Diabetic neuropathy is a form of nerve damage caused by diabetes. High blood sugar associated with diabetes can lead to nerve fibers being damaged throughout the body with the legs and feet being the most commonly affected. There are a variety of symptoms associated with diabetic neuropathy due to the different types of nerves that are damaged. Symptoms range from pain and numbness to digestive problems. If left untreated, diabetic neuropathy can be fatal.
There are four common types of diabetic neuropathy. Individuals can suffer from one or multiple forms in combination with one another.
Peripheral neuropathy is the most common form that affects the legs, feet, hands and arms. The symptoms associated with peripheral neuropathy include:
- Numbness and lack of sensation in legs, feet, hands and arms
- Sharp pain in the extremities that may intensify at night
- Pain felt when walking
- Extreme sensitivity when touched
- Foot problems including infections and joint/bone pain
This form of Neuropathy affects the bladder, lungs, heart and the sexual organs. The symptoms of autonomic neuropathy include:
- Unable to detect blood sugar is low
- Frequent urinary tract infections
- Inability to have a bowel movement or uncontrollable diarrhea
- Sexual dysfunction
- Inability for eyes to adjust from dark to light
- Difficulty regulating body temperature.
Radiculoplexus neuropathy affects the nerves in the thighs, hips and buttocks. This form of neuropathy is much more common in people suffering from type 2 diabetes. Symptoms include:
- Sudden and intense pain in hips, thighs or buttocks
- Weak thigh muscles
- Swelling in the abdominal area
- Rapid weight loss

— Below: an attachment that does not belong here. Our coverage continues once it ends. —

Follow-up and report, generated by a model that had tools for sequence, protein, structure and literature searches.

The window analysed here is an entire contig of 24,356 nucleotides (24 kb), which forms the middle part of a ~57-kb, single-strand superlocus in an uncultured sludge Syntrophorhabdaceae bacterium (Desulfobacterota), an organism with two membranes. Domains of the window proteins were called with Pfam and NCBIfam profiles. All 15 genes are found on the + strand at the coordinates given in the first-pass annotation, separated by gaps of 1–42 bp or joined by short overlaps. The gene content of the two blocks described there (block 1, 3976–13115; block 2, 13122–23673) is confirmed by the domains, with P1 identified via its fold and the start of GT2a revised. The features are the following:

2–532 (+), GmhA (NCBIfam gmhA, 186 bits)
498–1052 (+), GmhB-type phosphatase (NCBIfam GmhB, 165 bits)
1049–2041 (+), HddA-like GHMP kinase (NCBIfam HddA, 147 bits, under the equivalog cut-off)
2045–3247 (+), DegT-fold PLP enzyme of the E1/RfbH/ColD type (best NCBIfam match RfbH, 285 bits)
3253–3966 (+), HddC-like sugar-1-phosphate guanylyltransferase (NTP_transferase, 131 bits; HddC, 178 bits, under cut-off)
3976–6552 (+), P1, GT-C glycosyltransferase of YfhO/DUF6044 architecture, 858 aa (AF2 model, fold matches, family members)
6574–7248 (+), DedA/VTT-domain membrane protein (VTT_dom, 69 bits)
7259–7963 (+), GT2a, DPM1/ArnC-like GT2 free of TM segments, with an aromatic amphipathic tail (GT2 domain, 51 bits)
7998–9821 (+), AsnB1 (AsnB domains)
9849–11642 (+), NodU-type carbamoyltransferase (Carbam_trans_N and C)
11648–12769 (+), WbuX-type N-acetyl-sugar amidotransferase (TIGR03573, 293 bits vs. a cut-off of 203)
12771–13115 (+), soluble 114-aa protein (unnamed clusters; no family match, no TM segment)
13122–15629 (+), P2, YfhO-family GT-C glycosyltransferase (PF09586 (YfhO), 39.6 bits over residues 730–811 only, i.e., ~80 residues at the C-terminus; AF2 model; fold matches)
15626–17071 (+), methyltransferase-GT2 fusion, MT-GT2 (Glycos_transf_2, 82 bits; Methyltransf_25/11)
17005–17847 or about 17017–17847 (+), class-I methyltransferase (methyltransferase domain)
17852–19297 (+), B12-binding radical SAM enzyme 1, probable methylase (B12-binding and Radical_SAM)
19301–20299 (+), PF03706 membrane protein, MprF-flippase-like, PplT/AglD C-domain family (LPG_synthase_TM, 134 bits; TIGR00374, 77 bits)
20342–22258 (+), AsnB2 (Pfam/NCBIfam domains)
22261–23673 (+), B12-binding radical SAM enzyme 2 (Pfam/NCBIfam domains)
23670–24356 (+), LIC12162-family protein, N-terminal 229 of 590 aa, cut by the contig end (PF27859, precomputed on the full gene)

Mononeuropathy occurs when there is nerve to one specific nerve. It typically occurs very sudden and is common in older individuals. The symptoms depend of which nerve is affected. Mononeuropathy does not typically have any lasting side effects as it comes and goes very quickly over the course of a few weeks. Symptoms include:
- Double vision or a headache right behind the eye
- Bell’s palsy (paralysis of one side of the face)
- Pain isolated to the foot or lower leg
- Pain in the front portion of the upper leg
- Chest pain
If you believe you are suffering from any form of neuropathy it is critical to see your doctor right away before symptoms worsen or cause serious health problems. Early treatment can prevent symptoms. Since there is no cure for neuropathy, prevention is critical to living a quality life. Scottsdale Neuropathy Institute can help you with a prevention and/or treatment plan. The Scottsdale and Phoenix podiatrists at the practice have decades of successful treatment for those with peripheral and diabetic neuropathy in preventing amputations and getting pain under control.
The practice offers both conservative and operative foot treatments for neuropathy. Call (480) 994-5977 to see how the Scottsdale Neuropathy Institute can help you today!